Since the last Newsline, one of the major genealogical events was RootsTech, which took place here in Salt Lake City. Over 3,000 people showed up for the conference. Several lectures were about using Google for genealogy. One of the speakers was Dan Lynch, the author of Google Your Family Tree. As we all know, Google is by far the most popular Internet search engine available to us today. The Internet is also loaded with genealogical and historical databases, web pages, indexes, photographs, video and stuff we never even thought of before. Finding and accessing these resources is our challenge – and it looks to me like if you know how to harness the overwhelming power of Google, you may – just may – be able to break some of those genealogical brick walls you have before you. If nothing else, you’ll certainly be able to locate data that will fill in holes and add richness to your family story.


MAP GUIDE TO AMERICAN MIGRATION ROUTES, 1735-1815; by William Dollarhide

Family researchers need to locate and understand the early American migration routes their ancestors may have traveled. In this book, acclaimed author, William Dollarhide, shows these early roadways with well-researched and consistently drawn maps. Dollarhide’s guide begins with the King’s Highway of 1735 from Boston to Charleston and ends with the roads that resulted from the War of 1812 in the Old Southwest. These maps provide critical information for researchers trying to locate the passages of early migration in America.


As posted in Newsline Vol. 1 #6, Family Roots Publishing Co. has now posted detailed descriptions of the Arphax U.S.A. Land Ownership Atlases on our website. There are currently nearly 500 atlases, for 22 the states. CLICK HERE to see an example description from Barry County, Missouri. The description are detailed – including a listing of the Surnames found on the maps in each county atlas! Look for your county Family Map Atlas under the State Category at the FRPC site.

These wonderful atlases can be included in our free shipping sale going on until Midnight MDT, April 19, 2011.

You may now obtain Land Ownership Atlases for the following states (the number following the state is how many county atlases are currently available).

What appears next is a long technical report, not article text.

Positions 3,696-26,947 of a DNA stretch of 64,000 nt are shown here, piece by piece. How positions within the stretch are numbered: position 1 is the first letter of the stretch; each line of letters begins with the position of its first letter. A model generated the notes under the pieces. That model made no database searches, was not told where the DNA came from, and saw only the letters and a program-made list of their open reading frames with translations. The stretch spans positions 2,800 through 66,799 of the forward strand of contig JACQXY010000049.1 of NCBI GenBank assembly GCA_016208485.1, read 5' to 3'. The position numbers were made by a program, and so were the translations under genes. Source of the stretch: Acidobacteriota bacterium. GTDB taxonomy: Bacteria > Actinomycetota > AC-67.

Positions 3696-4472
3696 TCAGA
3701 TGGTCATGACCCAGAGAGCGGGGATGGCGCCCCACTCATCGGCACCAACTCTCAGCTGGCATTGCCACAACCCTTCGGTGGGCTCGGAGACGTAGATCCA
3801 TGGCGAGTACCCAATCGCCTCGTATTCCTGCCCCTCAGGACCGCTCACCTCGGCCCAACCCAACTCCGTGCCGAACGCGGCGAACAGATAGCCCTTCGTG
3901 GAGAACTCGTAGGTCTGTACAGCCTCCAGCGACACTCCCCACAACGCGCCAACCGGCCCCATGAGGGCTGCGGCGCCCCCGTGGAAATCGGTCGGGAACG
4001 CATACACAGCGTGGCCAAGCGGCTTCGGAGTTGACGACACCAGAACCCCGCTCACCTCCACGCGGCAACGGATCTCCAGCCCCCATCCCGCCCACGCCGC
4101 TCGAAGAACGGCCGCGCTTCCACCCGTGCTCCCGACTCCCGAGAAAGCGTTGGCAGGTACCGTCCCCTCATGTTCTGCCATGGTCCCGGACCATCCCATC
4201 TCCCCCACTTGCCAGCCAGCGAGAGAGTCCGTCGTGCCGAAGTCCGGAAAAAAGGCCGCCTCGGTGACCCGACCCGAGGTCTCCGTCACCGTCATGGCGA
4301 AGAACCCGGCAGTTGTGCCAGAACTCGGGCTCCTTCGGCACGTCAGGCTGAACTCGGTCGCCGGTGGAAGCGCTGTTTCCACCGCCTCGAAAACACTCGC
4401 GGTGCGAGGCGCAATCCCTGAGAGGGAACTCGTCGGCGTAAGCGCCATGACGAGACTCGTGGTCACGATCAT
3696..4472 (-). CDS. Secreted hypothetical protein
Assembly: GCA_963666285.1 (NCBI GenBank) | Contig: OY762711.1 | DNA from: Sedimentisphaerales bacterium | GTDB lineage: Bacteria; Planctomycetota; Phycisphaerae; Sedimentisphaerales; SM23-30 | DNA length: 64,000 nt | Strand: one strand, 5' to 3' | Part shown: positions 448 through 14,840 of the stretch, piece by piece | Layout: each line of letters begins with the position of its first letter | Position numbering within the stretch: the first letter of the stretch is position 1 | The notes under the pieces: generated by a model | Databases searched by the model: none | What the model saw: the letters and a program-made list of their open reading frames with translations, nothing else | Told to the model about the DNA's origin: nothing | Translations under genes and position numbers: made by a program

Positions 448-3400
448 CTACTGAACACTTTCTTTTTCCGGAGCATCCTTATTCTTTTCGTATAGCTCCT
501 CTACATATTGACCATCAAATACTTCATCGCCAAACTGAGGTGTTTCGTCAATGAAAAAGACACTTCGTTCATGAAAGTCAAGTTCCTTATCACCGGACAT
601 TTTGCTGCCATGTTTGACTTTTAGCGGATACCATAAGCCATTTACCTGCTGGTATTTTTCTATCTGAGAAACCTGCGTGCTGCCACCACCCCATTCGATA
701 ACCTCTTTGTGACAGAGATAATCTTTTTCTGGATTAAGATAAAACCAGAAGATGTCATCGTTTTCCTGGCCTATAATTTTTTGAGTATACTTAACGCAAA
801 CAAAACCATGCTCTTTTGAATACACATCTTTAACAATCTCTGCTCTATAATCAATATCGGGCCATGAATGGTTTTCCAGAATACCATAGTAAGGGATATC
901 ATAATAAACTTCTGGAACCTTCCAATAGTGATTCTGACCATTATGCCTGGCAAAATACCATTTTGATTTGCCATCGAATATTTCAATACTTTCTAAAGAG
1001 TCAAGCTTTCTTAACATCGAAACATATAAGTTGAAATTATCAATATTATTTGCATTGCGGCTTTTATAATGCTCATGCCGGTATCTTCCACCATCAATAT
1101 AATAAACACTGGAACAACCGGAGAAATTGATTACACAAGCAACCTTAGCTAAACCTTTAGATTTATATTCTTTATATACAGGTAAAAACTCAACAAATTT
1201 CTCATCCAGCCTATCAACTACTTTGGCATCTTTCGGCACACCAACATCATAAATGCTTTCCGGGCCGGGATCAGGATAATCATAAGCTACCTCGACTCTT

If you’re considering a research trip at the Family History Library in Salt Lake City NOW IS A GREAT TIME! The Salt Lake Plaza Hotel which is located next door to the Family History Library is offering special genealogy discounts for April and May 2011. Your discount will depend on the dates you reserve. They offer microwaves and refrigerators in every room, a full service restaurant, complimentary wireless hi-speed internet and a complimentary airport shuttle. Call them at 800-366-3684 or e-mail at and mention the Genealogy Newsline to receive your discount rate.



I’ve just begun writing a genealogy column for a new website entitled The column is owned by my friends, Lee Everton and John Hardy. It’s set up so that you write the local news – including obituaries, family info, and such. As Lee says, “It’s about the people.” I think the site is a great idea. Check it out.


I write for Family Chronicle, a delightful genealogy magazine that I recommend to everyone. For more information about the publication and to download a free issue, click here.



I blog at, which I’ve been doing since 2004. I invite you to check it out.


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I hope that you find the Genealogy Newsline useful, and informative. I will do all I can to make it just that. If you like it, please tell your friends.

Leland K. Meitzler, Editor
Twitter @Lmeitzler

The Genealogy Newsline is sponsored by and is a weekly publication of Family Roots Publishing Co., LLC, PO Box 830, Bountiful, Utah 84011. Additional Supplements are possible, but will not be published regularly. Genealogy Newsline is edited by Leland K. Meitzler. Guest articles are welcome, with acceptance wholly dependent on space available, quality of the writing, my personal interest in the subject, and interest to the genealogical community as a whole. Genealogy and history related books, CD-ROMs, DVDs, and software for review should be sent to the above address.

Click Here to find back issues of the Genealogy Newsline archived at

To change your password, go to the Family Roots Publishing website: On the left hand side is a column where you will find the word CONTENTS. A ways further down you will the words CHANGE PASSWORD and LOGIN. Log in first using your current password, then click on CHANGE PASSWORD. Type your old password, then your new password twice. Click on UPDATE. That will do it.

Mr. Meitzler founded Heritage Quest in 1985. Mr. Meitzler worked as Managing Editor for Heritage Quest Magazine from 1985 through 2005, and held the same position with Everton Publishers, editing The Genealogical Helper, from 2006 until February of 2009. He is the now co-owner of Family Roots Publishing Company, LLC, and writes daily at Meitzler conducts the annual Salt Lake Christmas Tour, now in its 27th year. With over 2000 lectures to his credit, his programs are always motivational and informative. He may be contacted at

Copyright 2011 Family Roots Publishing, LLC

Although copyrighted by FRPC, readers may share the Genealogy Newsline with their friends by forwarding this email. Readers may also reproduce portions (not the entirety!) of the Genealogy Newsline in their own publications, newsletters, blogs, etc., with my permission, as long as full attribution is given as to where the information came from, in the following format please: From Genealogy Newsline Vol 1 #2, Tuesday, January 18, 2011; a publication of Family Roots Publishing Co. LLC –